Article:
The Carcinogen Assessment Group has added its voice, saying there is substantial evidence that the dioxyn TCDD is likely to cause cancer in humans.
Dow Chemical Company, which manufactures the herbicides, has since tried to suppress the publication of the results of tests carried out in its own laboratories that show damage to animals exposed to TCDD. The tests demonstrate a large number of problems suffered during reproduction, including miscarriages, stillbirths, and ill-health and death among the young that survive. Even at the lowest dosage there were significant increases in the number of stillbirths, and deaths before the young were three weeks old.
Dow Chemical Company claimed that the results of the studies are "trade secrets" or "confidential" and won a court injunction against the EPA's disclosing the data at this time.
But it wasn't the animal research, which the EPA describes as almost unprecedented in its conclusiveness, that finally led to the emergency ban on 2,4,5-T and the related herbicide Silvex. It was the careful and dispassionate gathering of evidence and documentation by one woman - 33-year-old Bonnie Hill, a school teacher at a small country school in the tiny settlement of Alsea in southwest Oregon.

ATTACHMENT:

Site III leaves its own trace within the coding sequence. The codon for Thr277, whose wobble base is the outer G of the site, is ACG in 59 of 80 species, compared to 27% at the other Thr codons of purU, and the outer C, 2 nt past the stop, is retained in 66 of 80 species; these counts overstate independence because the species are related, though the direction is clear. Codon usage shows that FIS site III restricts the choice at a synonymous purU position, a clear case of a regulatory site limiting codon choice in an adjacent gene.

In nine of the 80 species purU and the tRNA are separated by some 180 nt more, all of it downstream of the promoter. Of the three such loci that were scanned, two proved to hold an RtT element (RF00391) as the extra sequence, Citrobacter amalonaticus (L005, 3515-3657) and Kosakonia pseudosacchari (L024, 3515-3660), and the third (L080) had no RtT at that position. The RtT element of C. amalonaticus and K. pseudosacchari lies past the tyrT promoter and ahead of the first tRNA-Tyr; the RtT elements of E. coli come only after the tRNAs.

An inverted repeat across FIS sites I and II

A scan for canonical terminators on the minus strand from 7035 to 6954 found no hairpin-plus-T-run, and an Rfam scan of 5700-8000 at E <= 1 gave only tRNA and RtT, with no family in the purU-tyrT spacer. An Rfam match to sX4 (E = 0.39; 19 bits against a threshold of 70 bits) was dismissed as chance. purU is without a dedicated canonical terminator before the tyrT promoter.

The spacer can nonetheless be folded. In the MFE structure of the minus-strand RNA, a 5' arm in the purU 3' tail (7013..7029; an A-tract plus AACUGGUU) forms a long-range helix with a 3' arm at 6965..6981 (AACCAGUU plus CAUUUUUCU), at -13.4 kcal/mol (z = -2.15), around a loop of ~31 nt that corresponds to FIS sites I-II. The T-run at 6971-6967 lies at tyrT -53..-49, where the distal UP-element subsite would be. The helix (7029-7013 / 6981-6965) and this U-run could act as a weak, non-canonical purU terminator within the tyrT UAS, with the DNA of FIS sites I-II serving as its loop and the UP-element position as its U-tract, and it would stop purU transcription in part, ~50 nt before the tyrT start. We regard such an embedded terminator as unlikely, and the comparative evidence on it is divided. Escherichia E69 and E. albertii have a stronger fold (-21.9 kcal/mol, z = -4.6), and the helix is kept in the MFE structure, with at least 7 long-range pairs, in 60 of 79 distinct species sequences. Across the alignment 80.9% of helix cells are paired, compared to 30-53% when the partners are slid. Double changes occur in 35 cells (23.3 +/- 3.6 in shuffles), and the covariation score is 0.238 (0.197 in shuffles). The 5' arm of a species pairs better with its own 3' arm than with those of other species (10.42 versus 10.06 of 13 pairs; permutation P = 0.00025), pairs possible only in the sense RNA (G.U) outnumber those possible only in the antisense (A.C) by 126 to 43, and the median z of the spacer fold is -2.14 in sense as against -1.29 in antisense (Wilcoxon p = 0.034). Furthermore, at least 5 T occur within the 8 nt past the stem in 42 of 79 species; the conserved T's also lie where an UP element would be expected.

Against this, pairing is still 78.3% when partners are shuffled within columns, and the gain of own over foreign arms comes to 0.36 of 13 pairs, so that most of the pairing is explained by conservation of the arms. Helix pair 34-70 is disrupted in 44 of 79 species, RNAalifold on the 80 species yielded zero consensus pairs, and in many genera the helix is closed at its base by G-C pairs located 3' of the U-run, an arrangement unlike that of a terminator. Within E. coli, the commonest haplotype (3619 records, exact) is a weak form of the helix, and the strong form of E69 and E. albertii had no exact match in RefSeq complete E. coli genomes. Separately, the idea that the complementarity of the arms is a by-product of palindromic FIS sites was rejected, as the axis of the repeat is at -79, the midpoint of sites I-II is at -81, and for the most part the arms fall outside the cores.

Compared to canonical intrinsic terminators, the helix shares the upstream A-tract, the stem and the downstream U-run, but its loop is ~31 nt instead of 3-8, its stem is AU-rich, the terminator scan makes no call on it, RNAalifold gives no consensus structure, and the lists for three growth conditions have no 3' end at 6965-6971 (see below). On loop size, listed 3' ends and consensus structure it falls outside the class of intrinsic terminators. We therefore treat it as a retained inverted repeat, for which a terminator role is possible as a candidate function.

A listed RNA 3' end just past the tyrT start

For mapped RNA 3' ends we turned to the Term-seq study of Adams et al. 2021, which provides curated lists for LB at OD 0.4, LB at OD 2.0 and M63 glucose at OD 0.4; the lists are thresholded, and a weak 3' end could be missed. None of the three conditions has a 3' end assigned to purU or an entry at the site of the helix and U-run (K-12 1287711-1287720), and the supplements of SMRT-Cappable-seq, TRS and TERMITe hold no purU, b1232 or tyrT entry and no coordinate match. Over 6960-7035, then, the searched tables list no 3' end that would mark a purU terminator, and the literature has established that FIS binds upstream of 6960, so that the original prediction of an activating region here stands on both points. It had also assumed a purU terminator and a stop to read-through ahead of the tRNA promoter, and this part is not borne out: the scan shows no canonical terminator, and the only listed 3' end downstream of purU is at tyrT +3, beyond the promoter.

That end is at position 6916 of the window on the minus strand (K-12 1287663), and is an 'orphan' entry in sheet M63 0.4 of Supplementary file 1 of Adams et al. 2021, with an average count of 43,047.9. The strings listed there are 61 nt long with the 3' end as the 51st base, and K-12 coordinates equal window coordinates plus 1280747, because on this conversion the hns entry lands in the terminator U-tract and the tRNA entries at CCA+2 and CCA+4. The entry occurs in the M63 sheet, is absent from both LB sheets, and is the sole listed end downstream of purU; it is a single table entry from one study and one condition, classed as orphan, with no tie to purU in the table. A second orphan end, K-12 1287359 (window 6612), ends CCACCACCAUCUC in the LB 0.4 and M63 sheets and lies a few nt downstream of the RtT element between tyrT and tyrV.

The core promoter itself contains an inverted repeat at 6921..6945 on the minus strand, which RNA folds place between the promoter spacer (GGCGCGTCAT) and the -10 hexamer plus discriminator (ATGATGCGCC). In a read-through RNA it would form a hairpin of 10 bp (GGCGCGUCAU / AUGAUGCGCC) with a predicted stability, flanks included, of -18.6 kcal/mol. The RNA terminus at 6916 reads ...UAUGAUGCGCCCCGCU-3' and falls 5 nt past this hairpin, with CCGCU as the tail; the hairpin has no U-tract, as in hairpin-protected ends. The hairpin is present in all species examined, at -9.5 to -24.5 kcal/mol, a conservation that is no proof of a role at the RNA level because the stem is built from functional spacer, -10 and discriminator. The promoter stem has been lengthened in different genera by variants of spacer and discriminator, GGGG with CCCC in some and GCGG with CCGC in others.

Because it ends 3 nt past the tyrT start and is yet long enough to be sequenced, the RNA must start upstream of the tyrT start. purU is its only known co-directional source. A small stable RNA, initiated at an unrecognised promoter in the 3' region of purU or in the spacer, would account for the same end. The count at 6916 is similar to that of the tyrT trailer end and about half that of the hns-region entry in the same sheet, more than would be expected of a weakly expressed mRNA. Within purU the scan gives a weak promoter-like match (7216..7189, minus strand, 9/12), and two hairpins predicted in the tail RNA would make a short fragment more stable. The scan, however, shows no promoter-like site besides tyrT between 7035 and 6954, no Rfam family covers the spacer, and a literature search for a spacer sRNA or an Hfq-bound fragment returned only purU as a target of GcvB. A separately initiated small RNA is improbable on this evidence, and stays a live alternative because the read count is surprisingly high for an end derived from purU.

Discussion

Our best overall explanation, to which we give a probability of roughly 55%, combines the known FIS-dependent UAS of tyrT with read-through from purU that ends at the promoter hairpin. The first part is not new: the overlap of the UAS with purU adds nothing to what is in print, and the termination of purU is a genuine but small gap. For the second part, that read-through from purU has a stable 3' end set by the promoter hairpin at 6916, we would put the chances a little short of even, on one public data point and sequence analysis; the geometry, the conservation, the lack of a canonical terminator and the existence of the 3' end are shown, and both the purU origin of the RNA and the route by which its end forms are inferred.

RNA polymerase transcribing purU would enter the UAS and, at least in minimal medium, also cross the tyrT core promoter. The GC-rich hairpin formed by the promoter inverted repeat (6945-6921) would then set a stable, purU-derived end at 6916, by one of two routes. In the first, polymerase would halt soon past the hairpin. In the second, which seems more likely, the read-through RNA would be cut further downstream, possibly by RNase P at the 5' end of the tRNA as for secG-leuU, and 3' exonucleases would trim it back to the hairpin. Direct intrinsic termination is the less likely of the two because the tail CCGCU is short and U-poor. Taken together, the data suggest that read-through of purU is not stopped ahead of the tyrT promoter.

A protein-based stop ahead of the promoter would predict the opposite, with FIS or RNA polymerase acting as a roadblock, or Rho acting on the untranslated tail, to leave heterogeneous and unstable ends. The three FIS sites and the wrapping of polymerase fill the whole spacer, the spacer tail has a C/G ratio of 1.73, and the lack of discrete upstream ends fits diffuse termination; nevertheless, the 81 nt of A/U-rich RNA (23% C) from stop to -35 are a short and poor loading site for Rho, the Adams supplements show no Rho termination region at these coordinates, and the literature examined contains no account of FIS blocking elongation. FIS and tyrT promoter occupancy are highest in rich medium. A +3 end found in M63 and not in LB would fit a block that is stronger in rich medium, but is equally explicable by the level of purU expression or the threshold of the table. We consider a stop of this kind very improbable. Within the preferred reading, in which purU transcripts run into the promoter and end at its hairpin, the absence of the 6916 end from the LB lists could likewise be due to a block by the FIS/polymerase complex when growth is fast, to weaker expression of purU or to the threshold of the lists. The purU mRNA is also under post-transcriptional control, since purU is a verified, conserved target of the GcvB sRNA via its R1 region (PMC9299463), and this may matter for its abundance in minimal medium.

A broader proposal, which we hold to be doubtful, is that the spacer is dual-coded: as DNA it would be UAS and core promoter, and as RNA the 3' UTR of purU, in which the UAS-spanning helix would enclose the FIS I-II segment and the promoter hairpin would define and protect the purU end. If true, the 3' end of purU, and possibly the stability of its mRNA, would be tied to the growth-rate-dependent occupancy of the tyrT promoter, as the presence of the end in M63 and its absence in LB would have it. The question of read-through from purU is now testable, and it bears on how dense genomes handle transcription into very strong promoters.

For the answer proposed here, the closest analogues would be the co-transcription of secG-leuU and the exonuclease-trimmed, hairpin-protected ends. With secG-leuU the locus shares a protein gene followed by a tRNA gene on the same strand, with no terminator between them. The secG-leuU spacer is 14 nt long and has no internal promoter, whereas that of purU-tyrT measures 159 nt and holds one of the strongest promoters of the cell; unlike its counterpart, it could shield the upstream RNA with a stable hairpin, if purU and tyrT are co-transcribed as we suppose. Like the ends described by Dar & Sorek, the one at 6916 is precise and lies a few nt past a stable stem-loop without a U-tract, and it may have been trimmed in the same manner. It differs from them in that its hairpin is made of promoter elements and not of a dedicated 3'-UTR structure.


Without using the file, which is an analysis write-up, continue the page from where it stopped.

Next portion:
It was her work, carried out for more than two years in her own time and expense, that sparked further investigations by the EPA. What it discovered was sufficient to justify an emergency ban on the herbicides while fullscale hearings took place on whether the ban should become permanent.
Bonnie Hill's work had tipped the balance. It was the first time any substantial link between the use of chemicals herbicides and damage to human health had been established.
Bonnie had two children before her miscarriage in the spring of 1975. Her doctor had no explanation for it and no one thought of herbicides as a possible cause. No one was aware that they were used that much.
A few months later Bonnie came across an article referring to the studies of Dr James Allen at the University of Wisconsin. His studies indicated that exposure to 2,4,5-T caused adverse effects, including miscarriages, upon the reproductive systems of rhesus monkeys.
She immediately realized the possible connection.
She phoned the Bureau of Land Management, which manages the land all around her, and discovered that Silvex and 2,4,5-T had been sprayed in her area a month before her miscarriage.
She thought that could just be coincidental. Then she started to remember former students of hers from the Alsea school having miscarriages and wondered whether their doctors had any explanations. She was careful not to alarm them nor to suggest that herbicides could be responsible. Eventually she found out about other miscarriages.
"I was not inquiring about spring miscarriages exclusively, but about all miscarriages in the area," says Bonnie. "Every time we heard about a miscarriage it was in the spring. One was in October (autumn) - but that year they sprayed in September, so it seemed to fit into the pattern as well."